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RBS Waves Goodbye to the Bulge Bracket

U.K. bank led by Stephen Hester to abandon equities and M&A to focus its investment bank on fixed-income and currencies.

Less than five years after its ill-fated acquisition of ABN Amro and three years after its effective nationalization by the U.K. government, Royal Bank of Scotland Group has bowed to the inevitable and pulled the plug on its effort to become a full-service investment bank.

RBS announced on Thursday, January 12 that it would exit the equities, merger advisory, and corporate broking businesses and slash 3,500 jobs in its Global Banking and Markets division. Going forward, the bank will concentrate its capital markets activities solely on its core strengths of fixed-income trading and underwriting, and foreign exchange.

More broadly, RBS is responding to the general downturn in investment banking by trimming costs across the entire Global Banking and Markets division, which is led by CEO John Hourican. The moves will reduce the unit’s headcount to below 14,000 compared with 19,000 in the first half of 2011. The division will also reduce its balance sheet by 25 percent, to £300 billion ($460 billion) over the next three years, which will reduce its need for wholesale funding by £75 billion.

The persistence of RBS’s investment banking ambitions, even after outsized bets on mortgage-backed securities by the Markets division nearly caused the bank’s failure, remains one of the biggest ironies of U.K. banking. But pressure had been growing on RBS to retrench. In recent months, Chancellor of the Exchequer George Osborne called on RBS to curb its riskier activities, the Financial Services Authority published a stinging report blaming the bank’s troubles on a glaring lack of risk controls, and the Independent Commission on Banking recommended that U.K. banks ring-fence their retail activities from investment banking. The commission’s proposal, which the government has vowed to adopt, will make it more expensive for investment banking units, at RBS and other big U.K. banks, to raise money. Costs at RBS’s Banking and Markets division would increase by about £1 billion a year if it had to fund itself on the wholesale markets and meet Basel III liquidity requirements without the help of the parent bank’s ratings and deposits, the banking commission estimated.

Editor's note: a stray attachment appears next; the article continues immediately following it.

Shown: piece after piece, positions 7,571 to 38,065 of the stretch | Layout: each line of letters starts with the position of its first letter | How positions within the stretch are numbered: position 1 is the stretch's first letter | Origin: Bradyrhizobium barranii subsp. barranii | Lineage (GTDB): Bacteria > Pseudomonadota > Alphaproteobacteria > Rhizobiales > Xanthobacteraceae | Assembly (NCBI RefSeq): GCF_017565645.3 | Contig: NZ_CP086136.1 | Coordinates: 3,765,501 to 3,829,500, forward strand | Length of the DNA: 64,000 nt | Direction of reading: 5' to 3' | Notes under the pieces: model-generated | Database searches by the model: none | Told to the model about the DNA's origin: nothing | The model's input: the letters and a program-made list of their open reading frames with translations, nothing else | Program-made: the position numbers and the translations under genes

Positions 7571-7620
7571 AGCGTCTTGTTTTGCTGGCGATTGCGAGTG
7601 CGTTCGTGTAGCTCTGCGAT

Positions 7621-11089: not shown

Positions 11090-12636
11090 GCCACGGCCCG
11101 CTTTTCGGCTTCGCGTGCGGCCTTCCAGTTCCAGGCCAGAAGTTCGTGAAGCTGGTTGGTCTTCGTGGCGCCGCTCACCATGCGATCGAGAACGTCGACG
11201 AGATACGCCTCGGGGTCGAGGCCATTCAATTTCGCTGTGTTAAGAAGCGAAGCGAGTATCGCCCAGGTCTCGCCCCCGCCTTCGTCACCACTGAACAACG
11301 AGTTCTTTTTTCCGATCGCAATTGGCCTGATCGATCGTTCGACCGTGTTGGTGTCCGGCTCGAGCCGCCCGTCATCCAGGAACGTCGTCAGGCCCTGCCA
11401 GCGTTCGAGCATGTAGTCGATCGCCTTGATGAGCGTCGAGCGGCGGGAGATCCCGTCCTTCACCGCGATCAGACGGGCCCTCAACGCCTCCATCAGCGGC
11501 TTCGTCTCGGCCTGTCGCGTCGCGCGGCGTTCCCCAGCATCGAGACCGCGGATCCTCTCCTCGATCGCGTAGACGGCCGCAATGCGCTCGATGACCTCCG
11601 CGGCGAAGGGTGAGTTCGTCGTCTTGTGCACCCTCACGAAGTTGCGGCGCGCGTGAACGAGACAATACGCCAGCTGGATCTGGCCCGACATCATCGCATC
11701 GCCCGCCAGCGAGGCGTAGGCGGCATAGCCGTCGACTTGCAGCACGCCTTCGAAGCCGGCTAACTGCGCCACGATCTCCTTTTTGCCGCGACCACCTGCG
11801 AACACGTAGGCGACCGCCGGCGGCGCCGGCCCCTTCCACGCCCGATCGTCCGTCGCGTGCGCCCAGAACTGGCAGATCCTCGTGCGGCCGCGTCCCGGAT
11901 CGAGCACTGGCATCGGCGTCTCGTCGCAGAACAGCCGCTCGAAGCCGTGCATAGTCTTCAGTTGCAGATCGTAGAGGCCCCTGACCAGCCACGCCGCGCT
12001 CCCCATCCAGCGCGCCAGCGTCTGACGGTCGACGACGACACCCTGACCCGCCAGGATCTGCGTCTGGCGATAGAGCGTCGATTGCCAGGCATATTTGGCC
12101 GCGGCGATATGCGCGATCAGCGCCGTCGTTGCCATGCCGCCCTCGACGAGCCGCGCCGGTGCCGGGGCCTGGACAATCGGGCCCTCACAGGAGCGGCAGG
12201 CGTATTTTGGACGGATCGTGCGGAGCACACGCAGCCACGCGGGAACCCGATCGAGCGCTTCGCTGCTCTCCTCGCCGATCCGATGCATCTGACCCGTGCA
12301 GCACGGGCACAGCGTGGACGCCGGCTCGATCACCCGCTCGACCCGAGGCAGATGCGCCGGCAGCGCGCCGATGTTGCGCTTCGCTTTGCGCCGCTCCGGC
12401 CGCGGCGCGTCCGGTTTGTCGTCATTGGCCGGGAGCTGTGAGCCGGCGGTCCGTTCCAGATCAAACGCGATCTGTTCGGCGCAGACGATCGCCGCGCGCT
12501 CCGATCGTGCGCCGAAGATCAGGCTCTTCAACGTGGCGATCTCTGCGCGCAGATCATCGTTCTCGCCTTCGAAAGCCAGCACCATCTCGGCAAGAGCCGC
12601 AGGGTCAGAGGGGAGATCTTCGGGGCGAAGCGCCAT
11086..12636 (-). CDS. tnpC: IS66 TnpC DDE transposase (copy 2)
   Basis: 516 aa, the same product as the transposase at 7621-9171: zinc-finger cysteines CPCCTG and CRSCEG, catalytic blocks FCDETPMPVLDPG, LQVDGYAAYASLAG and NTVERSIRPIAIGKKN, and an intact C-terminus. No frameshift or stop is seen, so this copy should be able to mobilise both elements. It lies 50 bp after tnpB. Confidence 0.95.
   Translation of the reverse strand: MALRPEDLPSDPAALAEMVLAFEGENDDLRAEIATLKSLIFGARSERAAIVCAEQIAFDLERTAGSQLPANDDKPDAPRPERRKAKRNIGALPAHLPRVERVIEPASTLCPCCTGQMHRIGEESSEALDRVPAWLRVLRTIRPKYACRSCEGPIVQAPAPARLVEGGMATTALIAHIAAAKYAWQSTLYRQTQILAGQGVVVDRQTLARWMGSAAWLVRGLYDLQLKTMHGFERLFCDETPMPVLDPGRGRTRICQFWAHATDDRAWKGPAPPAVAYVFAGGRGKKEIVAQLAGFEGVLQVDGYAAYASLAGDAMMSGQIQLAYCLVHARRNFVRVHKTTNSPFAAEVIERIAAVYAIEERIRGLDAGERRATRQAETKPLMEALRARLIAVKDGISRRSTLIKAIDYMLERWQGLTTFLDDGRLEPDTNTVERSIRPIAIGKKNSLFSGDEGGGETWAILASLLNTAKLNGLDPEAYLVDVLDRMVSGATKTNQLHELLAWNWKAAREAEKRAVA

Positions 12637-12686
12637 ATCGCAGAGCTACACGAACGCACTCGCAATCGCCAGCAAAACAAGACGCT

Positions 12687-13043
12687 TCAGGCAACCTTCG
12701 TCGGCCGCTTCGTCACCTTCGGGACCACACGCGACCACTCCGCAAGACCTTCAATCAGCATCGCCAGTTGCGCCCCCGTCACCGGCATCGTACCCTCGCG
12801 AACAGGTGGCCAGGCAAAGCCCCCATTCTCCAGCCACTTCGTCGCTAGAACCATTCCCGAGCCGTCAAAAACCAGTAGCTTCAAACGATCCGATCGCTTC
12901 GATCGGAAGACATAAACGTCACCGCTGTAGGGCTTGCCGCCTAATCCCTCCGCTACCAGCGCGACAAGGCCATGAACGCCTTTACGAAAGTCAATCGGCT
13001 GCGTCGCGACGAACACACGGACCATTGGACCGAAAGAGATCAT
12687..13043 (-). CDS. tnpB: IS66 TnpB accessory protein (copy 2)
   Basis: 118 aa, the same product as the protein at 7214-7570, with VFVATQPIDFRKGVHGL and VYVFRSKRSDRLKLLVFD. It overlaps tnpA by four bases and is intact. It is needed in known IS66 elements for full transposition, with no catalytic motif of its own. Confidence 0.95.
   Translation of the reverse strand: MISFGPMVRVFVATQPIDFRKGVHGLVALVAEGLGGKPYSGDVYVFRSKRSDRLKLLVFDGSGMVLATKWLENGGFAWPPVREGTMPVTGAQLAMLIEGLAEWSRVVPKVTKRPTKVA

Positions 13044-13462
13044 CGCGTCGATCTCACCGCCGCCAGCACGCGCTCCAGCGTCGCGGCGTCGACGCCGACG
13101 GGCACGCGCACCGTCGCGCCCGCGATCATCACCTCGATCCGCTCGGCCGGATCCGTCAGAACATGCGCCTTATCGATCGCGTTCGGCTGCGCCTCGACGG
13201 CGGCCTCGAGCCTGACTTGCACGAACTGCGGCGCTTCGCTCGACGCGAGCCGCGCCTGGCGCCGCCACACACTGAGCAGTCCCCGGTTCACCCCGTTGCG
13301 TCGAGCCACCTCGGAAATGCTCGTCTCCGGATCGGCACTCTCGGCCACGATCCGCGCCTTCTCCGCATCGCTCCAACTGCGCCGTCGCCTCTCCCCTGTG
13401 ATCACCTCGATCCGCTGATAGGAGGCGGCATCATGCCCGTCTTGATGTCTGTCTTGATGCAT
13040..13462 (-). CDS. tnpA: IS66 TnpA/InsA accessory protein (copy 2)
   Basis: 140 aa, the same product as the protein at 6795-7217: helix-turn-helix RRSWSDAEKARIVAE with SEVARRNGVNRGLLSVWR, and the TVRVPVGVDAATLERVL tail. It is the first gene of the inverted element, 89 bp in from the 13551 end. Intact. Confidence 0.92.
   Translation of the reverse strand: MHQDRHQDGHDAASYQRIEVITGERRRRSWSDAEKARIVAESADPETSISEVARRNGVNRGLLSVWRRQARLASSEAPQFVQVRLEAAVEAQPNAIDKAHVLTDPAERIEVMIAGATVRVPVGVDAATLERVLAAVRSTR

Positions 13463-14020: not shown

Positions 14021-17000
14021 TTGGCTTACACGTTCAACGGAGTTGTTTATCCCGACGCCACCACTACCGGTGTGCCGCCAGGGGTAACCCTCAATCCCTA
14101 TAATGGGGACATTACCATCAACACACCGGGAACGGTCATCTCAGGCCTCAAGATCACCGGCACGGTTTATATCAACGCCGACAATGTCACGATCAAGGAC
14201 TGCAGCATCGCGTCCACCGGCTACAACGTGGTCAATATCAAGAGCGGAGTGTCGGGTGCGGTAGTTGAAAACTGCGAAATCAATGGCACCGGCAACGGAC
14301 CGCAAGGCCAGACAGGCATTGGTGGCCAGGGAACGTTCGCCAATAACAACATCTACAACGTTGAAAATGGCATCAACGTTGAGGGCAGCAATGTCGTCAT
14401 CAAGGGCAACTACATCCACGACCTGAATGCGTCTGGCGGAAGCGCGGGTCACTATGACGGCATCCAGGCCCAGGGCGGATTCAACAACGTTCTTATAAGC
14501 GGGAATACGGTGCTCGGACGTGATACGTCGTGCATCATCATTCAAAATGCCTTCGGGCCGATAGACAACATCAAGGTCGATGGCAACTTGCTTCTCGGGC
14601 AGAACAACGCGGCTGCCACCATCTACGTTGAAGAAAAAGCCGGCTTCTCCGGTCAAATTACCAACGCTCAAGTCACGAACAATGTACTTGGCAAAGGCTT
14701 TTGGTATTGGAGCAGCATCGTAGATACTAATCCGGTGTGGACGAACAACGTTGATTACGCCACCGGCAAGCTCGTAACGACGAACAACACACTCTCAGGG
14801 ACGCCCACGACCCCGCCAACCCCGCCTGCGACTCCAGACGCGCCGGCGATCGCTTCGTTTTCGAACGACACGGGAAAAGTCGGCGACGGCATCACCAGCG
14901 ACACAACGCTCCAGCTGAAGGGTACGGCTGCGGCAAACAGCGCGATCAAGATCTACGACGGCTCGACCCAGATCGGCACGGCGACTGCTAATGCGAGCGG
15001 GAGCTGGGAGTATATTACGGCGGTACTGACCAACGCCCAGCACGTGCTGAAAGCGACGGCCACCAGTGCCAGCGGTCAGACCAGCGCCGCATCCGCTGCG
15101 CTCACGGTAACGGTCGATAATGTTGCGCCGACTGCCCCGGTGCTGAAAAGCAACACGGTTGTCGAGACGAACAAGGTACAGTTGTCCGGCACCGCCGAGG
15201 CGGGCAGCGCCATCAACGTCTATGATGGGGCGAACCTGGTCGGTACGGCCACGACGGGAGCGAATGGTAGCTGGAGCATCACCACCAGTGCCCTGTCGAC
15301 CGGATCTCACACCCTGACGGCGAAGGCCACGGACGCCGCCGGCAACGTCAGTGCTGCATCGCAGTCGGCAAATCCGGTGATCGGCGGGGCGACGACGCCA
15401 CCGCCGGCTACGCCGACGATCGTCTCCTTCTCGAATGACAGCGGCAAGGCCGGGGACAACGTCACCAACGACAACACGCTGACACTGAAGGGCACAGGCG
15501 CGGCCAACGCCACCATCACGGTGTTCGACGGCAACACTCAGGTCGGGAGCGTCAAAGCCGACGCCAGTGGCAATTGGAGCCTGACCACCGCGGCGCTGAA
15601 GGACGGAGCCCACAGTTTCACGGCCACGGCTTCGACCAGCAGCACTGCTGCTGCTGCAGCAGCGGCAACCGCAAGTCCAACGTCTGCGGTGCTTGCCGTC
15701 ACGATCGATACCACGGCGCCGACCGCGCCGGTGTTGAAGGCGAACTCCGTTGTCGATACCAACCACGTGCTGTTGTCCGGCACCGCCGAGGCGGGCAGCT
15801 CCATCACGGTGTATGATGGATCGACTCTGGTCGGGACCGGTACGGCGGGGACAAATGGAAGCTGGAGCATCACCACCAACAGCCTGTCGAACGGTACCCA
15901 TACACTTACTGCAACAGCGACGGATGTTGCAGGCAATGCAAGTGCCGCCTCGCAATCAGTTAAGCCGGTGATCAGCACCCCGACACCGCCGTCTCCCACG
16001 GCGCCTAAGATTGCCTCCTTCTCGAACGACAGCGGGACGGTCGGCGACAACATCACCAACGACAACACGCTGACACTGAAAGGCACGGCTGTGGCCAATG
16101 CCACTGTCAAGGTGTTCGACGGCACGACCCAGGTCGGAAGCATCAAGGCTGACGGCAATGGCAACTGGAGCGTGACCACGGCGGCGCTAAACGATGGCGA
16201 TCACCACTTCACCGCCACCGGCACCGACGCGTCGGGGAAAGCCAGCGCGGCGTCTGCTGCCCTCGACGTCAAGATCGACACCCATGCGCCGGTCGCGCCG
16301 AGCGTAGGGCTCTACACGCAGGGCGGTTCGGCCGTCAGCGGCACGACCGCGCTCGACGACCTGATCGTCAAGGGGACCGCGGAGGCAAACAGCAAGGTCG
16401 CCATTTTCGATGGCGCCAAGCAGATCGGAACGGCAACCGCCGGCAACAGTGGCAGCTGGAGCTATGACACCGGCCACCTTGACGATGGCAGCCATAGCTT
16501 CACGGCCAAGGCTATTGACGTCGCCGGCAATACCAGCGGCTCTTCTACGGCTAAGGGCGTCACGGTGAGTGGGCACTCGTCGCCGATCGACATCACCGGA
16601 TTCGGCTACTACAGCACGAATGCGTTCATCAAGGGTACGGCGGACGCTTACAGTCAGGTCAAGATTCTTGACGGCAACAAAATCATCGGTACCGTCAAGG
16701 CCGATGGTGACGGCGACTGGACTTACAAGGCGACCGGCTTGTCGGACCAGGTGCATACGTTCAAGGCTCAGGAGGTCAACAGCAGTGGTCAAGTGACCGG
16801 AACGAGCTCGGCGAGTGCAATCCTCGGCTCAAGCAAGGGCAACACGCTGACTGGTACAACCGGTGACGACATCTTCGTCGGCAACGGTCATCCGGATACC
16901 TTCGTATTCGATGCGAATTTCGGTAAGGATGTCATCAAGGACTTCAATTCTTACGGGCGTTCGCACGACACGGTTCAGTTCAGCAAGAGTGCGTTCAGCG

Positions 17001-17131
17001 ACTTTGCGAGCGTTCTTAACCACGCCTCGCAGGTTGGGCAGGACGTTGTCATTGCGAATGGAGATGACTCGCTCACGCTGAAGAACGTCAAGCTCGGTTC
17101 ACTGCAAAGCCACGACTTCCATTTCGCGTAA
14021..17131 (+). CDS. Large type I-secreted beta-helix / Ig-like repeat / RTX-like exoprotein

In announcing the cutbacks, CEO Stephen Hester promised to reshape the markets business into one that was “more conservatively funded, more efficient, and with better, more stable returns for shareholders overall.” He also praised the divisions’s overall performance since the dark days of 2008. “Our investment bank has produced an average return on equity of 19 percent and delivered over £10 billion in profits since 2009,” he said. Indeed, Global Banking and Markets delivered nearly half of the group’s pretax profits in 2009 and 2010.

RBS typically ranks among the top 5 banks in global fixed-income trading, according to data from Coaliton, a London-based financial services data provider, and in the top 10 in European debt capital markets underwriting, according to data provider Dealogic.

Going forward, Hester set a return on equity target of 12 percent for the Investment Banking division, but even that reduced level will be difficult to achieve. In the first nine months of 2011, ROE slipped to 10.7 percent as revenues, hit by the drop in global bond trading, slipped to £5 billion from £6.3 billion a year earlier. Simon Adamson, London-based banks analyst at CreditSights Inc., said the new ROE target “looks ambitious to us.” Senior investment bankers say privately that, for European investment banking as a whole in the next few years, single digit returns are more realistic.

The equities and advisory businesses that RBS is shedding are second-tier at best. They generated only £220 million in revenues in the first nine months of 2011, or 3.3 percent of Investment Banking division’s total. Apart from equities trading, none of the operations managed to achieve a top 15 positions in the relevant league tables. Still, the move is a humbling one for RBS. The bank had wanted to expand those operations and build its investment bank into something grander than a specialist bank in FIC, or fixed income and currencies. The bank had no presence in equities and corporate broking before 2007, and those operations provided one of the key rationale’s for the disastrous ABN Amro acquisition.

RBS said the equities businesses could either be closed or sold. Sources at the bank say that so far, few potential acquirers have emerged, although the U.K. corporate broking unit Hoare Govett is attracting some interest from mid-cap London brokers Oriel Securities and Numis Securities. The group, however, has not set a tight timetable as it says the changes will be implemented over three years.

RBS will rename its fixed-income and currency business as Markets and move its corporate banking business into a new International Banking division. Hourican will take charge of both operations.

RBS’s share price was up 7 percent at 23.23 pence in the afternoon of January 12. The U.K. government, which bailed the bank out in 2008 and injected £45 billion of capital, owns an 83 percent stake.

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